I do think the major governments of this world are well aware of peak oil. They just do not express it openly as such talk will be socially and economically damaging. The primary interest of politicians is to get re-elected. The truth or even the well being of its citizens are secondary and will be neglected if it conflicts with achieving their primary interest. As peak oil destroys the chances of re-election it is not spoken. Peak oil also exposes the folly of our current economic growth paradigm. The elites (and media) who sponsor the government will never allow this information to get out as it would be a threat to the current status quo and their individual special interests in maintaining the system.

I am sure the major world players such as the US, China etc know of peak oil and are also aware that net global exports of crude oil are declining and that China/India are increasing their global share of oil. In fact I would be willing to go so far as saying that people in the upper-echelons of government have more access to information regarding peak oil than you or I can ever hope to access.

Until we can convince a major head of state that publicly addressing peak oil is in their best interests they will never speak of peak oil to the public. That is the big problem. I am willing to wager that every US president since Carter has known about the peak oil phenomenon (not sure what they would have called peak oil before the term came into popular use).

"The elites (and media) who sponsor the government will never allow this information to get out as it would be a threat to the current status quo and their individual special interests in maintaining the system."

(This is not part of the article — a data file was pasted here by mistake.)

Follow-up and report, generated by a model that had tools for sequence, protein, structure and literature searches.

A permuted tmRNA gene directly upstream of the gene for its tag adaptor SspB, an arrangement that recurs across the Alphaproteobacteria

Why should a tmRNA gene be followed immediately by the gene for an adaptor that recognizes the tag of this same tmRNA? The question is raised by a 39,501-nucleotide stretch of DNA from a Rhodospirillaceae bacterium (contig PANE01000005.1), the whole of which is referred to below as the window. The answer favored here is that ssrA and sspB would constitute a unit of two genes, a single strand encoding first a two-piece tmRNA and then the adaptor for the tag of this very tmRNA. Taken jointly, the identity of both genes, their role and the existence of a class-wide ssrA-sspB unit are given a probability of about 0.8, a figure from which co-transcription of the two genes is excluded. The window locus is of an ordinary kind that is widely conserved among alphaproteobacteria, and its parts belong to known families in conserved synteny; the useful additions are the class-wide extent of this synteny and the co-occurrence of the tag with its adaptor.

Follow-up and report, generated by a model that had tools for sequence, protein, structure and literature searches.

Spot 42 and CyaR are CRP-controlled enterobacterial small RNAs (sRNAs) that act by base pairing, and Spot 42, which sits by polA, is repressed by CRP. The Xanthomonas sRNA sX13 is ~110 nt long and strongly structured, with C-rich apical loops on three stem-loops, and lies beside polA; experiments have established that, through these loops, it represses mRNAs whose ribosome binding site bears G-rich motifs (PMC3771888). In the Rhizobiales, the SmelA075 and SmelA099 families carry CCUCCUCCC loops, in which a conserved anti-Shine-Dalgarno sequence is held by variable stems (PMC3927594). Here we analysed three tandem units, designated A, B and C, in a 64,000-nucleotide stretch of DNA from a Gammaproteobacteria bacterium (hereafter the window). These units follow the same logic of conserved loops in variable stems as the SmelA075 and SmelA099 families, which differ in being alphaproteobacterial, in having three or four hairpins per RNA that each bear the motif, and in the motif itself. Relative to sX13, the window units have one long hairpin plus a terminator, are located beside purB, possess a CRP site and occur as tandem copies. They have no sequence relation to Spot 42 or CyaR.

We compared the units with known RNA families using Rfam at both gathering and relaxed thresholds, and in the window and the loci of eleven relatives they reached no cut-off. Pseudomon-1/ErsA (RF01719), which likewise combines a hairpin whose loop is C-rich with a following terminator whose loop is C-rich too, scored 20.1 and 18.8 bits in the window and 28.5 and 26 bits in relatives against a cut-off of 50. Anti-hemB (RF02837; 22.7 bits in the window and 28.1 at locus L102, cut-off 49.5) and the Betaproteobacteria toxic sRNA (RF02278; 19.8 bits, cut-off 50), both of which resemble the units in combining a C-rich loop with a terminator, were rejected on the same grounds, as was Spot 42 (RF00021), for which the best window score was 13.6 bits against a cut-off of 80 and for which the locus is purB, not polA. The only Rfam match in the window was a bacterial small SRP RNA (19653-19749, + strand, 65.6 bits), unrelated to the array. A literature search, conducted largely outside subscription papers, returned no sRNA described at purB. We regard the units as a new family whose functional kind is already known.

"a threat to the status quo..."

All of this carefully considered and false rhetoric is quite predictable per Greer , here at the ending of Empire:

Imperial rhetoric down through the centuries normally includes the claim that the imperial power only takes a modest fraction of the annual production of wealth from its subject nations, and provides services such as peace, good government, and trade relations that more than make up for the cost. This is hogwash—popular hogwash, at least among those who profit from empire, but hogwash nonetheless. Historically speaking, the longer an empire lasts, the poorer its subject nations normally get, and the harder the empire’s tame intellectuals have to work to invent explanations for that impoverishment that don’t include the reasons that matter. Consider the vast amount of rhetorical energy expended by English intellectuals in the 19th century, for example, to find reasons for Ireland’s grinding poverty other than England’s systematic expropriation of every scrap of Irish wealth that wasn’t too firmly nailed down.